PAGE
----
Background — The novel oral anticoagulants including dabigatran and rivaroxaban differ in their degree of kidney excretion.
Methods — We conducted a population based nested case-control study among patients 66 years and older with CKD (excluding patients on chronic dialysis) who received an oral anticoagulant between April 2006 and March 2013. We calculated odds ratio for hospitalization with a major hemorrhagic event and receipt of dabigatran, rivaroxaban or warfarin in the preceding 60 days. We also performed a sensitivity analysis to investigate whether a relationship exists between major hemorrhage and advanced age (age <80 years or ≥80 years).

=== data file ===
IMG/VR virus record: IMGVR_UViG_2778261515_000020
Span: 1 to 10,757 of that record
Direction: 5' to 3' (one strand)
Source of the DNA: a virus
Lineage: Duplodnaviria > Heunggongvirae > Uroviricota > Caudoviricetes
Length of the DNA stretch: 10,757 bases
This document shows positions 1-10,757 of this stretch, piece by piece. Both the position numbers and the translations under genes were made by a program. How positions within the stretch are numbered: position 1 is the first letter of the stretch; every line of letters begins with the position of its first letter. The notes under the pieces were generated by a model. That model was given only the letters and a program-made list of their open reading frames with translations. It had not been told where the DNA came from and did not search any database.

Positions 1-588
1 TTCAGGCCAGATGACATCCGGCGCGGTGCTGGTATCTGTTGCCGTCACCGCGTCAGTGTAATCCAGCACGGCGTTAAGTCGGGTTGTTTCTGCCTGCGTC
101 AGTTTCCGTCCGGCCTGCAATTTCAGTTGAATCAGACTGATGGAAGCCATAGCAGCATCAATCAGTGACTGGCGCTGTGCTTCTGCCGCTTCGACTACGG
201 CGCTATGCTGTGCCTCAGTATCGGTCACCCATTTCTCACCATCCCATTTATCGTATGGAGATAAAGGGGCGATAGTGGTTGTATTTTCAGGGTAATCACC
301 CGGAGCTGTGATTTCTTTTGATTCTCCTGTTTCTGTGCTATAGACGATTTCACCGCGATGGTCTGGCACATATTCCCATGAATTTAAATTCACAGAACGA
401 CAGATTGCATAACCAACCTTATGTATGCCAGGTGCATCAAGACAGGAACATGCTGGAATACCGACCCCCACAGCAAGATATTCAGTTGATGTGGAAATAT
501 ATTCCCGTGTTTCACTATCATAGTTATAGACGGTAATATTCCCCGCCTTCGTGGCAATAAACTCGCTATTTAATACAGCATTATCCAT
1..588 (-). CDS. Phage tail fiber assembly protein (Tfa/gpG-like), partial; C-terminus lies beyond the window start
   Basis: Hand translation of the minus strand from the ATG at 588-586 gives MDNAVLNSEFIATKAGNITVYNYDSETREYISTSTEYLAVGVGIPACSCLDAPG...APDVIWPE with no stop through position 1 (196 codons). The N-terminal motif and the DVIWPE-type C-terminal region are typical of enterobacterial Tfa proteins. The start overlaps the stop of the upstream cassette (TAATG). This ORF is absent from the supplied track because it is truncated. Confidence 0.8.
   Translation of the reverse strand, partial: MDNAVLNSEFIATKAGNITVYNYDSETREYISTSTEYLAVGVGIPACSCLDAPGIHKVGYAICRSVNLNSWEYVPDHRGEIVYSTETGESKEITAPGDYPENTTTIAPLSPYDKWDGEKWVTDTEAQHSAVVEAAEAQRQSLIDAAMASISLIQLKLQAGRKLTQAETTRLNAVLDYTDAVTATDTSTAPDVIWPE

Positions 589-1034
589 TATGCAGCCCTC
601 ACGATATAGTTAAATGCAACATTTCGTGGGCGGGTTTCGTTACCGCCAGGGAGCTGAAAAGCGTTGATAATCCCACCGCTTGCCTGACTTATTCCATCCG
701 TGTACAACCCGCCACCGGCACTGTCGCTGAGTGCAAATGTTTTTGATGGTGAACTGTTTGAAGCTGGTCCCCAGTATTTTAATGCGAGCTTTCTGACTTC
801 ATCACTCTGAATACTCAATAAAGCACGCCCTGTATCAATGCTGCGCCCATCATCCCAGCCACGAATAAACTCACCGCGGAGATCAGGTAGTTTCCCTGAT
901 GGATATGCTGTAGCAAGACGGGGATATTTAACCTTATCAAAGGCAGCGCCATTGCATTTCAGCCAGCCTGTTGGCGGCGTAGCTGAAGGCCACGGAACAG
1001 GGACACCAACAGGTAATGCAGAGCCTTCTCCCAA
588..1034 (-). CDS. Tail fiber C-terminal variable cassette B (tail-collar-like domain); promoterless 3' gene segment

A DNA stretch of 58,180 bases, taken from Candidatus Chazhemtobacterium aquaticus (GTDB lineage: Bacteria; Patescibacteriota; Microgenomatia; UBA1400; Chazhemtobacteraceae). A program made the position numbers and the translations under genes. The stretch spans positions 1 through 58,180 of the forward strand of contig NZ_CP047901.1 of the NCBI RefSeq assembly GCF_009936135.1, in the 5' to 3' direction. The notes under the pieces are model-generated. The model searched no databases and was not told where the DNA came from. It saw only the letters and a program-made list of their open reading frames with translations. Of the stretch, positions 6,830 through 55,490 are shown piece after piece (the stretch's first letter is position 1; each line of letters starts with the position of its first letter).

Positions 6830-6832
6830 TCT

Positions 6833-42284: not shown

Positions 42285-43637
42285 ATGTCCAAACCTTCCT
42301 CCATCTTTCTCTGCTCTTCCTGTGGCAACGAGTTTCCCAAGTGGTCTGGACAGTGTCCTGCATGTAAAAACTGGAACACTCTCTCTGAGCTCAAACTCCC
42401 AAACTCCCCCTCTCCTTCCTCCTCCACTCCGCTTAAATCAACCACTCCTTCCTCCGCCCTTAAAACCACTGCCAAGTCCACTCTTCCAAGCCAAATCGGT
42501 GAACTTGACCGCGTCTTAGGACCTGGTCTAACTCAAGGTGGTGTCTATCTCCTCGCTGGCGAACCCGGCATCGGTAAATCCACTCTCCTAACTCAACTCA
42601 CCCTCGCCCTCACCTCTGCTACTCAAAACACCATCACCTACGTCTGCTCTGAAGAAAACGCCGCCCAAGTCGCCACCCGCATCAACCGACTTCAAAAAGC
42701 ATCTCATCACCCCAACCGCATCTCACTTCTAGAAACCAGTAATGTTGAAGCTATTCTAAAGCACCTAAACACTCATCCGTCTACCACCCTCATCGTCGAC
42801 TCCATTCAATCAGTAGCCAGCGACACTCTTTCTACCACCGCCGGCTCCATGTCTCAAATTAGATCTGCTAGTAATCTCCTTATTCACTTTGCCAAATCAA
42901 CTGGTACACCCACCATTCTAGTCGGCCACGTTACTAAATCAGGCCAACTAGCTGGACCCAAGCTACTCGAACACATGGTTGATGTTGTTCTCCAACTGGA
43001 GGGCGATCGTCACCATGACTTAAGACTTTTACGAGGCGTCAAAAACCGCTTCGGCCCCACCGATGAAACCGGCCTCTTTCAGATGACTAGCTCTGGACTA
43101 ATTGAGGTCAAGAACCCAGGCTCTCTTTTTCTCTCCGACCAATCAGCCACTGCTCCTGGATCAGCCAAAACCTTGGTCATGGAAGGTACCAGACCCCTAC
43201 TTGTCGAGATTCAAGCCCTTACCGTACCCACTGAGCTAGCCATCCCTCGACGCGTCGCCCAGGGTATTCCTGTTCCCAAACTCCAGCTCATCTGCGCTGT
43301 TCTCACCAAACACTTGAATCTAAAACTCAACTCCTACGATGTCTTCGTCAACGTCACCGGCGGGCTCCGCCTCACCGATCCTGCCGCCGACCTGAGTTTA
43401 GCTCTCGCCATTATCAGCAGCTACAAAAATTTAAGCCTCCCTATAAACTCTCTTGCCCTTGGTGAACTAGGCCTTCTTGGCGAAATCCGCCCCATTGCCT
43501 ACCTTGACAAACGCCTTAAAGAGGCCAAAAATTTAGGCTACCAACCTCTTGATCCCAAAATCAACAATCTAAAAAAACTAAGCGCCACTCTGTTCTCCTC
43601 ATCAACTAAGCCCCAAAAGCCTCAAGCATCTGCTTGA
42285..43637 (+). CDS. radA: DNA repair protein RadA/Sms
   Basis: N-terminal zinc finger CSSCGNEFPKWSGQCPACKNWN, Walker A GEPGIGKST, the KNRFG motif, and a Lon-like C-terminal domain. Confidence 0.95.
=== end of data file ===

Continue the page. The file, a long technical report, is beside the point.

Results — We identified 237,409 patients with CKD, of whom 4470 (1.9%) experienced a major hemorrhage. We matched these cases to 14,460 control patients. Use of dabigatran or rivaroxaban was not associated with a statistically significantly elevated risk of hemorrhage compared to warfarin (adjusted odds ratio (aOR) 1.15, 95% confidence interval (CI) 0.91 to 1.45 for dabigatran, aOR 1.22; 95% CI 0.83 to 1.79 for rivaroxaban). Our sensitivity analysis found that older age was associated with an increased risk of hemorrhage for patients on dabigatran; (aOR 1.41; 95% CI 1.06-1.88) results were similar but did not reach statistical significance for rivaroxaban (aOR 1.57; 95% CI 0.91-2.69).
Conclusions — Among elderly patients with CKD, exposure to dabigatran or rivaroxaban was not associated with a statistically significant increased risk of major hemorrhagic events compared to warfarin.
Kidney and urinary tract disorders